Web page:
Landfill legislation faces growing opposition
SPRINGFIELD — Mounting opposition has stalled a bill that would have prohibited the disposal of chemical PCBs at a landfill in Clinton that sits over the water supply source for Champaign-Urbana and dozens of other central Illinois communities.
But the chief sponsors of the legislation (HB 6153) said Tuesday they hoped measure could return to the Legislature in the fall.
Reps. Naomi Jakobsson, D-Urbana, and Chapin Rose, R-Mahomet, pulled the bill that has been scheduled for a hearing before the House Executive Committee.
"We want to continue to work on it over the summer. It's really important to make sure that the thousands of people who drink that water have safe water, for not just today and tomorrow but for many years to come," said Jakobsson.
One plan, she said, is to hold a "subject matter-only hearing" sometime this summer in central Illinois. That's the area served by the Mahomet Aquifer, the deep and vast water source that arcs under much of central Illinois.
Rose noted that Rep. Karen May, D-Highland Park, who chairs the House Environmental Health Committee, also has been "adopted" by the Piatt County Farm Bureau under the state organization's "adopt a legislator" program.
"She's going to have a hearing in the district sometime this summer on the aquifer," said Rose, "and that way we keep moving while we address some of these issues."
Among the issues that have arisen in recent weeks, he said, is the lack of other Illinois disposal sites for PCBs. That's a problem both for industries and communities that currently host the dangerous chemicals.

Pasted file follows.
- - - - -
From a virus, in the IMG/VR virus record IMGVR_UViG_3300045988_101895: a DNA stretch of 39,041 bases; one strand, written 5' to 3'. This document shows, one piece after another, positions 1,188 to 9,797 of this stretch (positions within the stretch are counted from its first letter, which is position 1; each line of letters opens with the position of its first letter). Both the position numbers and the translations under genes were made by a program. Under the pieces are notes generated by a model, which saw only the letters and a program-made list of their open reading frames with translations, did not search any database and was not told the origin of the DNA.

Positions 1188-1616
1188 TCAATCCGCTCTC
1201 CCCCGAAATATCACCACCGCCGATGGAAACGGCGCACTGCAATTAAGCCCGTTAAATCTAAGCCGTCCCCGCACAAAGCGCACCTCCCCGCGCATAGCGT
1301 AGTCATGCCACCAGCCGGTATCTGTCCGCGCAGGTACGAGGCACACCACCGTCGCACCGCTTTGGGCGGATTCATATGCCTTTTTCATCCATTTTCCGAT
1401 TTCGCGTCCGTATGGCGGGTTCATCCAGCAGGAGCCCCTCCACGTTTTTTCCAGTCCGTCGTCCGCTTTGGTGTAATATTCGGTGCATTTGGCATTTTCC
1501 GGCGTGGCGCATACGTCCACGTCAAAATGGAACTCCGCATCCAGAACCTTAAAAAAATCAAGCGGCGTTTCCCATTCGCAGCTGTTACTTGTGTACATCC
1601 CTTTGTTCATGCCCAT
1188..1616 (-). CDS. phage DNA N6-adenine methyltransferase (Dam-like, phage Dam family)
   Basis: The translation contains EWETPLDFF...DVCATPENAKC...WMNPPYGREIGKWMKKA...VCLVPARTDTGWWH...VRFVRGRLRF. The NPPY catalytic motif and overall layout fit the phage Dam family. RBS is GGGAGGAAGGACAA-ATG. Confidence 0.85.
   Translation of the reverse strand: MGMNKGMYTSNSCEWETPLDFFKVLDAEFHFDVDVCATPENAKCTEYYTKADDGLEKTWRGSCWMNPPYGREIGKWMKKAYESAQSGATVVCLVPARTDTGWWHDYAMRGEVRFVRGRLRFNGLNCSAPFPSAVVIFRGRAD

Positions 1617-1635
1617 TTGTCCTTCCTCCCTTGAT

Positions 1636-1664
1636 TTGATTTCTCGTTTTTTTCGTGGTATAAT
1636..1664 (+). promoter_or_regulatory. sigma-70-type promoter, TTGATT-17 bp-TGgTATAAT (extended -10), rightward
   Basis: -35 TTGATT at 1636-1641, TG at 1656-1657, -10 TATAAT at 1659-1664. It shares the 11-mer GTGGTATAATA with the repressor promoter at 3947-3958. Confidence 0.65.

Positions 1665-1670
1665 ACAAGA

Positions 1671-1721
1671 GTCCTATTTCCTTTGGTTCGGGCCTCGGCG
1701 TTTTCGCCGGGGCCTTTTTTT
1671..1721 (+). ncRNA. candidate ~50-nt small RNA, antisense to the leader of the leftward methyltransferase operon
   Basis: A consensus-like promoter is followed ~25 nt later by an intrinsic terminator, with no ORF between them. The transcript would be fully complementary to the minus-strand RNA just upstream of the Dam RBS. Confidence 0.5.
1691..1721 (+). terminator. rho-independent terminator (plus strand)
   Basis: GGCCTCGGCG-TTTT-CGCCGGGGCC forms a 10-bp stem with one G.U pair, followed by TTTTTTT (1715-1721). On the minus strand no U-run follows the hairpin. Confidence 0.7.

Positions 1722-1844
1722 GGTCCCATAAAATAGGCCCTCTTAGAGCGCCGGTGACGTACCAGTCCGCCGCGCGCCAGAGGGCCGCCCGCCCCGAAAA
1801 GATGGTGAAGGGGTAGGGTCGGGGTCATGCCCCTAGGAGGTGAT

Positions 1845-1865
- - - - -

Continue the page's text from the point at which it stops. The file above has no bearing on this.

"The Illinois Municipal League is against this because it has some of these places that are cleaning up and were planning on (disposing of wastes) here. You've got cities and counties and manufacturers against it," he said. "Part of this is we've got to find some place else that is not over the aquifer to do that.
"There are plenty of those" sites, Rose said, although none yet are licensed landfills, as is the Clinton facility.
"We've changed a lot of attitudes in the last week," Rose said. "And the (local) cities have stepped up their efforts. They've been lobbying this pretty hard to educate people."
But he said there isn't enough time to answer all the questions and move the bill through both houses before the Legislature's scheduled adjournment on May 31.
"One of the things we'd like to do this summer is sit down with individual members while we have time — and you don't have all these other issues like pensions and Medicaid and budgets hanging over you — and focus on it. There have been a lot of good questions. And there are a couple legislators with scientific backgrounds who ultimately I think decide that this is the right thing to do, but because they're scientists they're asking a lot of questions. They've requests a number of documents from the EPA and others that we're going to provide to them. They want to be methodical. I understand that."
Among other opponents to the bill, Jakobsson and Rose said, is Commonwealth Edison, the Chicago electric utility believed to have the most potent lobbying team in Springfield.
"But if we can educate all the legislators and start to bring in some of these opponents, there are probably people who can help find a place for this landfill," Jakobsson said.
"It will be good to have this time," said Rose. "A lot of people were told things about the bill that weren't exactly correct. We're now dislodging those folks, slowly but surely, but it's going to take a summer to work this out."